There was a noticeable effect of seawater incubation on the chemically modified, nanostructured fused silica substrate. However, the surface remained superhydrophobic with an average water contact angle of 157.1°±9.4°. The water contact angle increased after sonication in deionized water for 5 minutes. The average contact angle after sonication was 166.5°±5.7°. These results are shown in
PFOTS (or similar functioning species) can be applied to other optical materials with surface anti-reflective structures to enable superhydrophobicity in other wavelength regions, such as the mid-wave infrared (MWIR) and long-wave infrared (LWIR). The application to substrate materials other than fused silica was demonstrated in Example 2 using germanium substrates. Each device using a germanium substrate had a differently shaped periodic, nanoscale surface pattern as shown in
Following chemical modification of the germanium substrates, the contact angle for water was measured following the procedure included above. After chemical modification with PFTOS, each of the germanium substrate surfaces exhibited water contact angles that had greater hydrophobicity than its corresponding non-treated surface.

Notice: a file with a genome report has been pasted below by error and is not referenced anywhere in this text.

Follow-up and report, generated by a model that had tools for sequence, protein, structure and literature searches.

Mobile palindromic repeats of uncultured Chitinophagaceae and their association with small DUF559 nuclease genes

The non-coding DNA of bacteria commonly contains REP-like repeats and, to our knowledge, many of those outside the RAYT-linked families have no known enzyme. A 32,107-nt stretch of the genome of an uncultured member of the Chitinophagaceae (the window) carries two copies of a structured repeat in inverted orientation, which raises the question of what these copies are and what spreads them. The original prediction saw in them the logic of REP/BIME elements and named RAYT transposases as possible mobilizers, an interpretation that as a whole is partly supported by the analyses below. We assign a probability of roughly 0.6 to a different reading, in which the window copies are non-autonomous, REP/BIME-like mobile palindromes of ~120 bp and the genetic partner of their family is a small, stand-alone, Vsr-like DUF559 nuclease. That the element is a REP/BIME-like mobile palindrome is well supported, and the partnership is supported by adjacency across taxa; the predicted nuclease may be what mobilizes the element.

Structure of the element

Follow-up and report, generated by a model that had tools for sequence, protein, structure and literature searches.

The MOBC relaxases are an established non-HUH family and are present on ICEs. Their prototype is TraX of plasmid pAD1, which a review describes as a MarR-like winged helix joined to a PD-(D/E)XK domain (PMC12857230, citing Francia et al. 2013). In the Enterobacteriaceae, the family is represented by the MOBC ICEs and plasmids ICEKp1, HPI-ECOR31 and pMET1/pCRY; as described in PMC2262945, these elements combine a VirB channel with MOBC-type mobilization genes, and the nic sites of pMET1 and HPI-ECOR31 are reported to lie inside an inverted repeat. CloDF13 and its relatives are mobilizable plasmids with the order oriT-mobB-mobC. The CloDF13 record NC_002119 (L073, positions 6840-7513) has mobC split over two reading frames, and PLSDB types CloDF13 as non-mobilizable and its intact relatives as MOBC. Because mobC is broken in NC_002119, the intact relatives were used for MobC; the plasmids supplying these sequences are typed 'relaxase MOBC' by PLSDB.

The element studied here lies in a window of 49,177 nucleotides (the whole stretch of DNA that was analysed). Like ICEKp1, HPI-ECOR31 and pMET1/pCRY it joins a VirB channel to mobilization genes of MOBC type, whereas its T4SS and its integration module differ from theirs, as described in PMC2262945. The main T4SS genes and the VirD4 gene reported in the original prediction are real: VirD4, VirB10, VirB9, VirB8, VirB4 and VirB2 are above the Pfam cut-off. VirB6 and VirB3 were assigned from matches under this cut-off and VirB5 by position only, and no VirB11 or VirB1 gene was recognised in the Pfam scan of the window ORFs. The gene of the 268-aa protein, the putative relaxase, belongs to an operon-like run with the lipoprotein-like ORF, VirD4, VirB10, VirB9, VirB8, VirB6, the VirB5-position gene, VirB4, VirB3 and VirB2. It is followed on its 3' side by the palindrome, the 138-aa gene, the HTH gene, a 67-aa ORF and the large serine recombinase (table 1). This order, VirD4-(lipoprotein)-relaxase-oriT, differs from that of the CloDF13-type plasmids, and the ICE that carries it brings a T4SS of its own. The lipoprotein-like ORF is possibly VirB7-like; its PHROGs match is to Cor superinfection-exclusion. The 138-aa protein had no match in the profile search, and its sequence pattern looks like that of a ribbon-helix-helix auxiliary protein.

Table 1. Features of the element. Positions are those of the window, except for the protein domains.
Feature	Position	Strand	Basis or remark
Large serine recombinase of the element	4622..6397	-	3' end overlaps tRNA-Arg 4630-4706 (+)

The transmittance of substrates having nanostructures thereon in the MWIR and LWIR wavelengths was determined as included above, and is shown in
The transmittance of a chemically modified substrate having nanostructures thereon in the MWIR and LWIR wavelengths was determined and is shown in
The % transmittance of the chemically modified substrates having nanostructures with a honeycomb shape, shown as GeHC in
To evaluate the efficacy of the chemical modification to the germanium substrates in harsher conditions, the devices formed from germanium substrates were also incubated in seawater. Chemically modified flat germanium substrate (shown as Ge in
Clean germanium substrates prepared according to the method used for the fused silica samples above were immersed in artificial seawater and tested according to the same procedure as used for the fused silica devices discussed above. Deionized water was used for the contact angle measurements.